Thanks for highlighting this article James. The social connotations of a 10 point scale are really interesting. I could see the “Bo Derek” factor coming into play. After all, if we buy into the authors’ arugment that the presence of “10” is invoking one cultural framework of evaluation (i.e. that “10” = Perfect), then that opens the door for other cultural frameworks too.

    Drum, and the authors he’s summarizing, make a convincing argument about the effect of the scale change:

    However, a 6 on a scale of 1-6 doesn’t carry the same connotations. Students interpret it as really good, but not necessarily brilliant.

    Having less choices makes the range of each “bucket” wider. So as the authors suggest that eliminates nuances that could cause gender and other biases to rate one person lower than the other.

    I also wonder if the unexpected nature of the scale actually caused participants to stop and think more to try and fit an instructor’s performance into this new model. If memory serves, one of the best tools for fighting bias is reflection. I just scanned the article and it looks like the authors raise this point too.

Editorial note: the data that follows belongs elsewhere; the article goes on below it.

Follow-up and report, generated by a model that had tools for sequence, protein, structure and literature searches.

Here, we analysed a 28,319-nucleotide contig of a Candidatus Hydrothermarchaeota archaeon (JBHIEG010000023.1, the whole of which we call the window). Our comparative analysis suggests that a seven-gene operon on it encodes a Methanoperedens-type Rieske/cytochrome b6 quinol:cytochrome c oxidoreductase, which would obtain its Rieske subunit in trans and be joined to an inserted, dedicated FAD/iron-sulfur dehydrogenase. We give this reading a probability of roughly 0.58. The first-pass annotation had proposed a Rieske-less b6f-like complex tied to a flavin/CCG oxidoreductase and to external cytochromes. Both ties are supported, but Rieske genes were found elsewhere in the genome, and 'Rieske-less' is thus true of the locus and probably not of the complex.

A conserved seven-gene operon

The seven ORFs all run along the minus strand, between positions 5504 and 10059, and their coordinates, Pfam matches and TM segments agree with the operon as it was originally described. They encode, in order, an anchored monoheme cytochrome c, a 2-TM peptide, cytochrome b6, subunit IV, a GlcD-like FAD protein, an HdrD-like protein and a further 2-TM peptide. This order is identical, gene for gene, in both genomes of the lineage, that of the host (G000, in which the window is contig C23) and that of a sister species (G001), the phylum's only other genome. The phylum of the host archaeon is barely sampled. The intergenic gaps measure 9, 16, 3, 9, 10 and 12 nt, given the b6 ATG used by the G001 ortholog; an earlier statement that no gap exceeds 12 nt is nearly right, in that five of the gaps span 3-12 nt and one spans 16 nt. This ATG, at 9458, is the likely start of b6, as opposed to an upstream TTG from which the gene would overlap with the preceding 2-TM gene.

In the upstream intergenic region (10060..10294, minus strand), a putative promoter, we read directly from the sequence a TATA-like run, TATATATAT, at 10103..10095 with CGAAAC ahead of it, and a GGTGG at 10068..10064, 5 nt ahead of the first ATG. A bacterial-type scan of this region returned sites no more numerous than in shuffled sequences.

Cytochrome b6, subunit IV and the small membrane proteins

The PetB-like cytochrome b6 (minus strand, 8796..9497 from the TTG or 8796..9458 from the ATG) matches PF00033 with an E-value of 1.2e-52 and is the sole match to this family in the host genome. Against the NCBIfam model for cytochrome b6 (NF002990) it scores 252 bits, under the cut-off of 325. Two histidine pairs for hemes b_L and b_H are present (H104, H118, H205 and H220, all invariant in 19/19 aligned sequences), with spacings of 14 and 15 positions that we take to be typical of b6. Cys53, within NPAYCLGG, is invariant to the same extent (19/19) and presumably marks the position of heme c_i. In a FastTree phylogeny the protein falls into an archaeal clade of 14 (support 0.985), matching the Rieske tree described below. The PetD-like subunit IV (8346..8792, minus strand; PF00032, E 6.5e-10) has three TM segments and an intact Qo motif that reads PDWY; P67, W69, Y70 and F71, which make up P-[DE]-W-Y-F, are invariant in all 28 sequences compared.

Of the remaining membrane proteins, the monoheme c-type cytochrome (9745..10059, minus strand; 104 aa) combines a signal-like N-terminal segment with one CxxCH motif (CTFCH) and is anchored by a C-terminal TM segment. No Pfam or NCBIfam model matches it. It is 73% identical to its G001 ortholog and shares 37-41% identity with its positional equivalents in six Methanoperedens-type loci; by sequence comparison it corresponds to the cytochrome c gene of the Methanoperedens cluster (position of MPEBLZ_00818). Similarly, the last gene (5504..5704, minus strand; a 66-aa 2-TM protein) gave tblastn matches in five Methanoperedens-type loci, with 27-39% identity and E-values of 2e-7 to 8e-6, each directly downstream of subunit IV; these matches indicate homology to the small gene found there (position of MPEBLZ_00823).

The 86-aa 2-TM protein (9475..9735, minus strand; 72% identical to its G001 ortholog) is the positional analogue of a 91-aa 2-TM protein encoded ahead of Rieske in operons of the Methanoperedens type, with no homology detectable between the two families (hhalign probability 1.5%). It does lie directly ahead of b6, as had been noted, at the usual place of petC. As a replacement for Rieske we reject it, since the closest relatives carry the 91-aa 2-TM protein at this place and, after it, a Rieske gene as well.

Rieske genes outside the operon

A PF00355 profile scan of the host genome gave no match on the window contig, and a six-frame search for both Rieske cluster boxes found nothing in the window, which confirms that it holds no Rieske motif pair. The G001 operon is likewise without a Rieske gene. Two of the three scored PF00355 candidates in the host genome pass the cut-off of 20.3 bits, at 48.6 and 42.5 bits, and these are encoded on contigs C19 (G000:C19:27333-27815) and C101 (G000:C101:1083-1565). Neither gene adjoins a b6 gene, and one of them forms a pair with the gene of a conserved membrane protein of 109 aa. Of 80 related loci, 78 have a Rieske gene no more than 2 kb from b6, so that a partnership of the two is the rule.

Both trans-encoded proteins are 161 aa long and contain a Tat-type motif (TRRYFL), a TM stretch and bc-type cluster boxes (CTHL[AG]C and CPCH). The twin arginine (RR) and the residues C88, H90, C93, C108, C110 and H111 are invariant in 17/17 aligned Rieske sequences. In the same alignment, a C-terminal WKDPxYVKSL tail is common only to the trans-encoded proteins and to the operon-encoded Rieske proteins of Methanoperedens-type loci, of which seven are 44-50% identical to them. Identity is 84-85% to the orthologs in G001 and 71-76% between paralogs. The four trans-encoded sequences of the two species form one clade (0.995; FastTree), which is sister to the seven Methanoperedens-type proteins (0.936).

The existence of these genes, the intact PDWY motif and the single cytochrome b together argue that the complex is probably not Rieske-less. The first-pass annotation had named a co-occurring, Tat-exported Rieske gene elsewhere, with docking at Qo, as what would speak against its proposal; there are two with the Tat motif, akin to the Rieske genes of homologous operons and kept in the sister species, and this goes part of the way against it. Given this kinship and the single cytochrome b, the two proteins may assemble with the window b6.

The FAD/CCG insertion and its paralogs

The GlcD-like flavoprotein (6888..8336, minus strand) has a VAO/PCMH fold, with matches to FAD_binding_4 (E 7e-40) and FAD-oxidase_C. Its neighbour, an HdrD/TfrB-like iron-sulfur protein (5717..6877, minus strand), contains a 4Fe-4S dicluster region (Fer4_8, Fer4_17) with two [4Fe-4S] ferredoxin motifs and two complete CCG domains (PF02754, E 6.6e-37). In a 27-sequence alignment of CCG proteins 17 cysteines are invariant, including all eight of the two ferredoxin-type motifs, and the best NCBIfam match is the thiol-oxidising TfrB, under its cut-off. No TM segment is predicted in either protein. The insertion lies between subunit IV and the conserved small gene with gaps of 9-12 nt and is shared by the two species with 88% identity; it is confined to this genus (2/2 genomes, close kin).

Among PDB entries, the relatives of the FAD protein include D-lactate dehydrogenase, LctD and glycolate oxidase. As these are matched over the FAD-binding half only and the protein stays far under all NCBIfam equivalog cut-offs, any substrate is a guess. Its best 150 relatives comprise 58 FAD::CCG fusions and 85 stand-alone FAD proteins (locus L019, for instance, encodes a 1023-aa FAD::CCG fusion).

2. James Joyner says:

    @mattbernius:

    Having less choices makes the range of each “bucket” wider.

    My fiance and her kids have this thing where they rate things on a scale of 1-2. It tends to lead to less severe judgments, as they tend to think “1” as “terrible” and “2” as “not so bad.”

  3. mattbernius says:

    @James Joyner:
    One other thing I like about low integer, even scales (which I’ve been experimenting with when I occasionally do surveys) is that not only do the buckets lead to clearer outcomes, but they also eliminate the neutral options (which most people gravitate towards). In my experience, “forcing” respondents to ultimately have to choose to score on the positive or the negative side of the scale leads to far more useful and better considered results.

    That said, I always get anecdotal feedback that many folks hate not having a “meh” option.

  4. John Peabody says:

    Perhaps I am short-sighted, but I think this is spot on. With a 1-10 scale, I would expect my service (at a hotel, auto repair, shopping experience) to be PERFECT to receive a ten. Well, perfection is darn rare, and so I give very rare tens when asked to rate. But I sometimes (and frequently quite irritatingly) run into situations where a store or hotel DEMANDS to know what they can do to allow me to rate a ten. And it’s worse when drilling down to individual employees, for anything less than a ten puts them into a situation where they worry about dismissal. Yes, I’m grumpy, but I chafe at the pressure to rate “10s” for something I feel is properly a 7-8 situation. A 1-6 scale would do wonders.